Since the assault on President Reagan in 1981 by John W. Hinckley Jr. - and the resulting verdict of not guilty by virtue of insanity - the United States has become polarized into two camps: The first wants to keep the insanity plea, although in modified form; the second to abolish it completely. In whichever direction, the public wants action.
If there is, however, a real desire to reevaluate the worth and fairness of this defense in US criminal justice proceedings, there is also a real need for clarification of the issue.
The insanity plea grows from a long tradition in Western law which calls for punishment of those who knowingly commit a crime but treatment for others who are not mentally capable of understanding the nature of their felony.
Of course, the rub comes in trying to determine mental capability. The legal community tends to defer to the expertise of psychiatric specialists. But the latter are loath to predict future behavior or to make judgments that may lead to legal determinations. Much of the public is distrustful of both. It sees lawyers misapplying psychiatric testimony to achieve their own ends - the innocence of their clients. And it believes that evaluation of mental health is imprecise and questions its admission as legal evidence.
Further, a fair reading of the insanity plea is extremely difficult when the issue is viewed under the glare of an assassination attempt, such as Hinckley's. The issue is also clouded when cast in partisan political terms, as merely hard-line vs. soft-line approaches to controlling crime.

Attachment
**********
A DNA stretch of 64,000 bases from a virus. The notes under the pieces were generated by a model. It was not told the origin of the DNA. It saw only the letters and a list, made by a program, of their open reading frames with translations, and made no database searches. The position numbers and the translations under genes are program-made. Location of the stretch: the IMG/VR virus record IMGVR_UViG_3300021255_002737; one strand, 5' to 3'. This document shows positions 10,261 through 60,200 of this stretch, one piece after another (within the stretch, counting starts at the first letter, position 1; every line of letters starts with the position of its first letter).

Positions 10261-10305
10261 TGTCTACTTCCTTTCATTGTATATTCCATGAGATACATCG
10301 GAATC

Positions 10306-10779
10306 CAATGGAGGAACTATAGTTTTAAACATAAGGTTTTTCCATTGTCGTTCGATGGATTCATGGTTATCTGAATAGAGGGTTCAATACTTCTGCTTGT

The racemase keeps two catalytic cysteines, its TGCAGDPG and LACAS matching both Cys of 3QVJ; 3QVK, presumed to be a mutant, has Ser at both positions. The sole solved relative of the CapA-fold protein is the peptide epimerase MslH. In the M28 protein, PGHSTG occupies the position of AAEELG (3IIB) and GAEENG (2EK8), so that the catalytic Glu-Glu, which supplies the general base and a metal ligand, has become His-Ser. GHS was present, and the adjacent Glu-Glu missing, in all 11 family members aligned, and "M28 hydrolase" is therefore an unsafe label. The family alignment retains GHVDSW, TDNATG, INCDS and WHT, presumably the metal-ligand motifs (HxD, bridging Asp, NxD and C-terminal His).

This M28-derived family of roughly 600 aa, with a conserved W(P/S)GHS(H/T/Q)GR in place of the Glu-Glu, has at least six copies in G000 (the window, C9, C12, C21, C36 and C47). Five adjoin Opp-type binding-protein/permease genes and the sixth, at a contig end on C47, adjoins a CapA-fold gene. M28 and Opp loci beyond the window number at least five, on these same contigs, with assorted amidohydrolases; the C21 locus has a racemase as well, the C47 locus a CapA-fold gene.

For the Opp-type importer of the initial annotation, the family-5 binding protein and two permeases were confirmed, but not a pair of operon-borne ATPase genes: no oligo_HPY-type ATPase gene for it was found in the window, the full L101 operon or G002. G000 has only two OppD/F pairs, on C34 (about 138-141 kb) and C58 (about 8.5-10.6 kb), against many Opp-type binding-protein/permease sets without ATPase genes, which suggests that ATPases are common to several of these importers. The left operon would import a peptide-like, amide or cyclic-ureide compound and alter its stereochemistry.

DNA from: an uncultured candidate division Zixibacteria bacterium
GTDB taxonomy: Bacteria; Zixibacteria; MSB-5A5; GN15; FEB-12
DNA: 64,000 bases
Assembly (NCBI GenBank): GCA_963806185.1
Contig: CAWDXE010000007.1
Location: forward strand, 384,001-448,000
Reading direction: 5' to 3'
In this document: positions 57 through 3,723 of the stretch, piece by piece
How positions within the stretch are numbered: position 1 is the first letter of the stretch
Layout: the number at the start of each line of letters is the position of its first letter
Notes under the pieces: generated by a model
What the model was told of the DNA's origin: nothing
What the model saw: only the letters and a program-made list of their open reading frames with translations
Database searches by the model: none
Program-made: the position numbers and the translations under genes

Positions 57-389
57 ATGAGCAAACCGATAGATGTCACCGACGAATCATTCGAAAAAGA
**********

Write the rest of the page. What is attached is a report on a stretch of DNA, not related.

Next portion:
Nor does media handling of this highly intricate and delicate question always result in public enlightenment. Recenty, for instance, public perception of the insanity-defense issue was likely confused by NBC-TV's powerful docu-drama ''The Burning Bed,'' in which a long-abused wife burned her husband to death and was then acquitted of murder on grounds of temporary insanity. Granted, the main focus of this teleplay was on wife abuse, spotlighting a victim's frustration when neither family nor public agencies came to her aid.
But was the point here that, under dire circumstances, homicide may be excused by insanity? The viewing audience was given to understand that this was a legal gimmick necessary to effect justice in a system not geared for this type of case. Among the sad reactions to the program was a day-after news report of a husband who set fire to his wife as a ''warning.''